As archdeacon, Elizabeth has been a forthright and tireless partner with parishes and leaders (clergy and lay) among the churches in the archdeaconry. I have often been amazed at how Elizabeth has found the time to be present at All Saints’ and to be present to the many issues that have arisen at other churches. At times, I’ve wondered if she has mastered the art of being in two places at once. What I’ve come to understand is that her strong presence is a function both of her diligence and of the support given her at All Saints’ in her role as archdeacon.”
All Saints’ parishioner Sheryl Gaffey had this to say:
“…we have been so fortunate and we are grateful to have had her with us…she has brought us much love and guidance. We wish her “new” and happy life on the island.”
All Saints’ parishioner and diocesan communications consultant Cliff Caprani added these thoughts:
“…a really good priest for this parish, a consensus builder…folks are happy for her but sad to see her go.”
Her longtime colleague, the Reverend Stephen Rowe, Rector of the Anglican Parish of the Church of Epiphany, Surrey (Stephen and his spouse the Reverend Christine Rowe, Associate Priest at St. Mary’s, Kerrisdale were both at the 1pm sitting of the luncheon) completed his ministry as Archdeacon of Fraser in the summer of 2017, had this to say:
“I had the privilege to work with Elizabeth as a fellow archdeacon over a number of years. Elizabeth always brought wisdom and empathy to her role and cared deeply for her clergy and parishes. She is a courageous and faithful priest who has always put her heart and soul into her ministry in the parish as well as a diocesan leader.”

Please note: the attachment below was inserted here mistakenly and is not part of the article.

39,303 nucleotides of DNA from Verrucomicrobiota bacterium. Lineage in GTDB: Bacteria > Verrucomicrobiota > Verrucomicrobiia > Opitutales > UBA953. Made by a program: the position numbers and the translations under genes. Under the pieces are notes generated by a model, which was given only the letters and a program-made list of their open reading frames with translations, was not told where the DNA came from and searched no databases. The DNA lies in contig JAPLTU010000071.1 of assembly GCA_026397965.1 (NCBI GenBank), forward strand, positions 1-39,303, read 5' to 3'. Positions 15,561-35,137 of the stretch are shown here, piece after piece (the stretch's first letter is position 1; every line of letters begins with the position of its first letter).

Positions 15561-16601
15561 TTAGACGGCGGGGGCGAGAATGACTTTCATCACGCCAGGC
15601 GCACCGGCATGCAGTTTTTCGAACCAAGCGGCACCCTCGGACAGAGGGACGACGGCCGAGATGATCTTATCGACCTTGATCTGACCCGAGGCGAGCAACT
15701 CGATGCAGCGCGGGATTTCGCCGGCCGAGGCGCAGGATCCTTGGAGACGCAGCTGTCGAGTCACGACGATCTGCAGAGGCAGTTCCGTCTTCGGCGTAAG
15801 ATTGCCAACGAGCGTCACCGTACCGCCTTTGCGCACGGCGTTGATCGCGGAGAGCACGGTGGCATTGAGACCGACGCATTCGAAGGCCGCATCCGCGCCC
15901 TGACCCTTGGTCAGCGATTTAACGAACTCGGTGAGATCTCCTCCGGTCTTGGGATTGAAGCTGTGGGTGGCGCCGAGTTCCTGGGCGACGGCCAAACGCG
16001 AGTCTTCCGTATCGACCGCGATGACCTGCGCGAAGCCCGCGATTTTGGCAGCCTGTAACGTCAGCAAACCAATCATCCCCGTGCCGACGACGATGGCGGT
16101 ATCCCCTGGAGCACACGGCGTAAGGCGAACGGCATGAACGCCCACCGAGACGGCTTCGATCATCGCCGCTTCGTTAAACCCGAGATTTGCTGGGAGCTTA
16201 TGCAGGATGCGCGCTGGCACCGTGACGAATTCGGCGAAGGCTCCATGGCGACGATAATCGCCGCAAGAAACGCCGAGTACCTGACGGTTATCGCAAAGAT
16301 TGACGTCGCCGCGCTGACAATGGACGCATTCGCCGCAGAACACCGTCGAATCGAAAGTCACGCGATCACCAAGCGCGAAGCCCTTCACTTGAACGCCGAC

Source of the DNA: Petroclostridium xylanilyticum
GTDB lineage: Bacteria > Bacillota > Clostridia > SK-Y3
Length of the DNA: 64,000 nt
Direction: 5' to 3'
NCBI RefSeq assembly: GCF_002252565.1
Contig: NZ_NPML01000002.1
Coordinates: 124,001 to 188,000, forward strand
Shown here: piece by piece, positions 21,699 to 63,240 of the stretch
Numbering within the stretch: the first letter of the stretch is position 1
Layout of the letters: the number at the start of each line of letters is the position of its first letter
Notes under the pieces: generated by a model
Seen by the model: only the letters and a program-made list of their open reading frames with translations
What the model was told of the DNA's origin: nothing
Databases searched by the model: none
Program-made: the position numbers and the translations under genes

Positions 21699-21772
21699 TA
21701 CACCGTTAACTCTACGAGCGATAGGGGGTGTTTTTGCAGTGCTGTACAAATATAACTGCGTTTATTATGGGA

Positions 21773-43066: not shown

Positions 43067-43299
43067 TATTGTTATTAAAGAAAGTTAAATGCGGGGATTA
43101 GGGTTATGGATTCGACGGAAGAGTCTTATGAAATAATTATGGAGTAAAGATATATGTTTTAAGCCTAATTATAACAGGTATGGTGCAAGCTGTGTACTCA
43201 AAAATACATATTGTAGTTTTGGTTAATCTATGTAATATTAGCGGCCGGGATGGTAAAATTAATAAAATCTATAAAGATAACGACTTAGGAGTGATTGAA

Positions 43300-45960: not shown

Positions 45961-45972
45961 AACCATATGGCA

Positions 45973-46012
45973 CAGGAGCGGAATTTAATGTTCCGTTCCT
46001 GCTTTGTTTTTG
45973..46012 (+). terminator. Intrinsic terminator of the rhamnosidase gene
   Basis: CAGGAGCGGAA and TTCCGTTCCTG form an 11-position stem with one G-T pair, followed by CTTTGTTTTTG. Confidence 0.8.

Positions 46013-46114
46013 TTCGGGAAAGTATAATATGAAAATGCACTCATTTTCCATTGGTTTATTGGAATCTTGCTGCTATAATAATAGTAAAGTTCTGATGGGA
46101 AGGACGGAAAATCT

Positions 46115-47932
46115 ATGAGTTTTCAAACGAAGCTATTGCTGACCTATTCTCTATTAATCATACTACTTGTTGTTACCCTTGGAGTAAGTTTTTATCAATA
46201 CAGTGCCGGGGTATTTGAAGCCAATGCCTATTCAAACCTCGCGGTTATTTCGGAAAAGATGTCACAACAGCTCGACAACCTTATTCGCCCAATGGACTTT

Rob Dickson, Director of Finance and Property for the Diocese of New Westminster shared these words about the farewell event:
“It was a pleasure to attend the salmon luncheon. It was a wonderful celebration and endorsement of Archdeacon Elizabeth Northcott’s ministry. The attendance at two sittings of the luncheon filling the parish hall was a visible sign of the parish’s feelings for Elizabeth. She will be very much missed in our diocese both by the Parish of All Saints , Ladner and by many others throughout her archdeaconry and the diocese.”
All Saints’ parishioner, Nicky Stowell shared her thoughtful reflections about Elizabeth:
“she is very warm, friendly, always ready to listen. Elizabeth has a kindly way of shedding light on a concept, helping people to see things in a new way… I don’t remember ever seeing her anxious or agitated… she never spoke down, there wasn’t a shred of condescension in her discussions or her overall approach…Elizabeth integrated some of the Fresh Expressions liturgical innovations like Messy Church into the life of All Saints’, Ladner."
And last but not least, Elizabeth shared these words with diocesan communications in an email September 14:
“The time is ticking down and it's getting more and more emotional all the time ... yikes! But what a blast having a salmon BBQ - it was so fun and a real joy to celebrate 10 great years of ministry together. They're gonna be great with Liz Hamel in the "priest's office" - God is good, all the time!”
Now it is time to bid farewell to Elizabeth, but the general consensus is that everyone is very happy for her, that she will establish her place with Susan in just one, permanent location and who can dispute that? And, in the words of Dorothy Gale the character quoted in the first paragraph, “there’s no place like home.”
- Elizabeth addresses the 1pm crowd
- A view to the west in the hall
- A break in the kitchen, more meals are ready to go out
- Elizabeth speaks to some friends
- Elizabeth and her Mum, Phyllis